Thursday, January 28, 2010

Fire station work and diabetes

Thursday 1/28/10

At work at the fire station today. No walking the dog and no workout (attempted a workout with the guys but we caught a call). Today for training we watched a powerpoint/video on pediatric diabetes and as often does, the subject of diet and exercise vs. genetics came up. Now, through all of my years of self experimentation (n=1), and trial and error coupled with reading many of my favorite blogs and/or books about the effects of various diets and activity (or lack thereof) on such diseases as diabetes and others, I'd like to consider myself "somewhat" versed (by no means an expert) on such subject matter. So, the questions (and conventional wisdom) statements came and I responded, armed better than they with some of their claims which came from..., where else, yep, our friend conventional wisdom. Today however, I actually received accusations and question about where I get my information and what makes what I believe and me so knowledgeable. "I simply take what I learn and apply it. After a period of time it either works or doesn't." Does it get any simpler than that? I often quote names, books, blogs, etc. and then always try to end with a question of my own, simply asking, "Is what you are doing working or has it ever worked?" One only need to reflect on one's life, then struggle to simply get out of the recliner to go take a look in the mirror to find their answer. I am not a doctor and do not proclaim to know what is best for each individual's specific condition but I believe and continue to believe that if one is willing to self educate and then apply those self-taught principles to oneself, they may start to have the answers their looking for. I read the works of Arthur De Vany, Mark Sisson and have read Loren Cordain's "The Paleo Diet," Gary Taubes's "Good Calories, Bad Calories, and the list goes on. The fact is that I can read all the material I want but not apply any of it and hence learn nothing. I have applied all of it at least one time or another and have kept what works for me and thrown out what hasn't. Notice I said for me, people are different (though recent research shows that 99.9% of share the same DNA, but that's for another discussion). The very people that I sometimes try to educate on the matter have never tried such things or made an attempt to make such changes in their lives or have chosen the wrong route all together and have fallen short... way short. This brings me back to the subject of diabetes. It is a disease that is becoming worse and worse and is only compounded by the problems of misleading information by conventional wisdom who use the media as their outlet, doctors who still are not properly schooled in diet and nutrition and the people not taking it upon themselves to self educate and hence continuing to choose low quality and the wrong foods and live sedentary lifestyles. I'm here to do my part to teach, show and demonstrate how people can take back control of their lives and stave off the major diseases that dominate our Western civilization by making strong, solid and sound choices when it comes to nutrition and activity. I love to talk and listen, especially to those who are open to learning how to lead a healthier lifestyle and live a long life without having to battle any disease.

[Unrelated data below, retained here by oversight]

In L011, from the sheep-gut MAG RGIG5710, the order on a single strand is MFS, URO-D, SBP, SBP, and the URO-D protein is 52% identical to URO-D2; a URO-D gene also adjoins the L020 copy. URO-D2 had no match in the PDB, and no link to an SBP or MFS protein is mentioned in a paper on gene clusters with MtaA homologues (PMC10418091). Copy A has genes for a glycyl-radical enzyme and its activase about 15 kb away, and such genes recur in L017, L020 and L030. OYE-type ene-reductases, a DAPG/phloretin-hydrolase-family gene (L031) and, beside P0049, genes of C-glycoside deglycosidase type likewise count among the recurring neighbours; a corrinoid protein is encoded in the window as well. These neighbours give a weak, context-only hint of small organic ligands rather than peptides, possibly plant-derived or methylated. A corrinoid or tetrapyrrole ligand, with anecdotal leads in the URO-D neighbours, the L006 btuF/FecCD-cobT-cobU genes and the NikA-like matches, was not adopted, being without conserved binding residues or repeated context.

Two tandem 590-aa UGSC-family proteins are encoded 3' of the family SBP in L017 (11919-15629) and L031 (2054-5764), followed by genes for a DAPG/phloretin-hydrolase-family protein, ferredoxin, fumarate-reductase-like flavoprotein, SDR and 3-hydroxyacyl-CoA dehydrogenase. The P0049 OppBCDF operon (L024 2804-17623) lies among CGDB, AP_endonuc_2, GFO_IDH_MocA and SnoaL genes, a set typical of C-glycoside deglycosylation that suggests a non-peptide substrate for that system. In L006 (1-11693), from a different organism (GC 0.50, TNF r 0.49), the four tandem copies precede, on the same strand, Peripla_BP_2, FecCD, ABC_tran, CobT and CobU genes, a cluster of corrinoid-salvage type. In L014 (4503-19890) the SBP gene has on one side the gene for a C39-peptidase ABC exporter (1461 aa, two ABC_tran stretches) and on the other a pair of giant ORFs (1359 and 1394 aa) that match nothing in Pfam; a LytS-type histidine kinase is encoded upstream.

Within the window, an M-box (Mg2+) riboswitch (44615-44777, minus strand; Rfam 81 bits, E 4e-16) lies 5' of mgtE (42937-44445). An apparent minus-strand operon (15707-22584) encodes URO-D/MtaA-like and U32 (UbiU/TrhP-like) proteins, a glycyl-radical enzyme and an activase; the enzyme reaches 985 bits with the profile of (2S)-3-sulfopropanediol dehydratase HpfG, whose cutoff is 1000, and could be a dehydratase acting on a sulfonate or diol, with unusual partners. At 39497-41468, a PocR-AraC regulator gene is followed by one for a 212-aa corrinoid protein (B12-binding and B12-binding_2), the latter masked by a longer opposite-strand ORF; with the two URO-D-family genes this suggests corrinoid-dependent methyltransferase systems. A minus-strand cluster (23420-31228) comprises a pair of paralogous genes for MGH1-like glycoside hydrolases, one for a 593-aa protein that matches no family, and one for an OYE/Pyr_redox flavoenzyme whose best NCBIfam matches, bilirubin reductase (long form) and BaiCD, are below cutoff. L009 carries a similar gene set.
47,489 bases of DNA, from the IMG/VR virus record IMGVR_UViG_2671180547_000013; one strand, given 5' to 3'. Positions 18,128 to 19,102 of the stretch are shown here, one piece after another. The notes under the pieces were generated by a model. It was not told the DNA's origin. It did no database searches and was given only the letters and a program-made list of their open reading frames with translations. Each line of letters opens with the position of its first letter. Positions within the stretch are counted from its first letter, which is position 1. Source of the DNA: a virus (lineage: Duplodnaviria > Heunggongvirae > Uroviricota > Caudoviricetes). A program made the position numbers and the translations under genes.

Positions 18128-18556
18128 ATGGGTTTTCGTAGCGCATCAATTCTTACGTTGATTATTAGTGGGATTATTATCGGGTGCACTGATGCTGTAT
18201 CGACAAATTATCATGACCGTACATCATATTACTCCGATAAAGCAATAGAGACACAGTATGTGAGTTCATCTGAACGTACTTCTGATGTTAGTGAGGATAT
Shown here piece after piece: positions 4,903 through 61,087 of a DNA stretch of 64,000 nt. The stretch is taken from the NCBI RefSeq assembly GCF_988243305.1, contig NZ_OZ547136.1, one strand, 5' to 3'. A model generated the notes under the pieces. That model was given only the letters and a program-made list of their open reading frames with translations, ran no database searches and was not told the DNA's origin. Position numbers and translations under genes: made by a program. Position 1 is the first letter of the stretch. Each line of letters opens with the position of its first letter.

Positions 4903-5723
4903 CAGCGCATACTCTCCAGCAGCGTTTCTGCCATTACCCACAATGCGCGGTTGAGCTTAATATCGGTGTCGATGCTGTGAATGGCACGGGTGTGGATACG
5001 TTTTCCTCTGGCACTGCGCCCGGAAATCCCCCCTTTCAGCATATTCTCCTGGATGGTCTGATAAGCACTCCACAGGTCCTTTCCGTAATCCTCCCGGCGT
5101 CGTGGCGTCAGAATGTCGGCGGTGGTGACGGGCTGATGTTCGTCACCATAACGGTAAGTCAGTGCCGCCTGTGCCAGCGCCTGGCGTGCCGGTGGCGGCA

1 comment:

David Brown said...

Hi Stephen,

One aspect of nutrition that doesn't get enough attention is the omega-6 problem. It's one of the two major health hazards in the food supply. The other, of course, is added sugars, especially fructose.

At your earliest convenience I would urge you to watch a 37 minute presentation by Dr. Bill Lands entitled Why Omega-6 Fats Matter For Your Health. Dr. Lands begins speaking around minute 12. Just drag the timer button to the right to minute 12.

For a thumbnail sketch outlining the technological events leading up to the insertion of omega-6 fats into the food supply Google: Omega-6: the fat that ruins your health.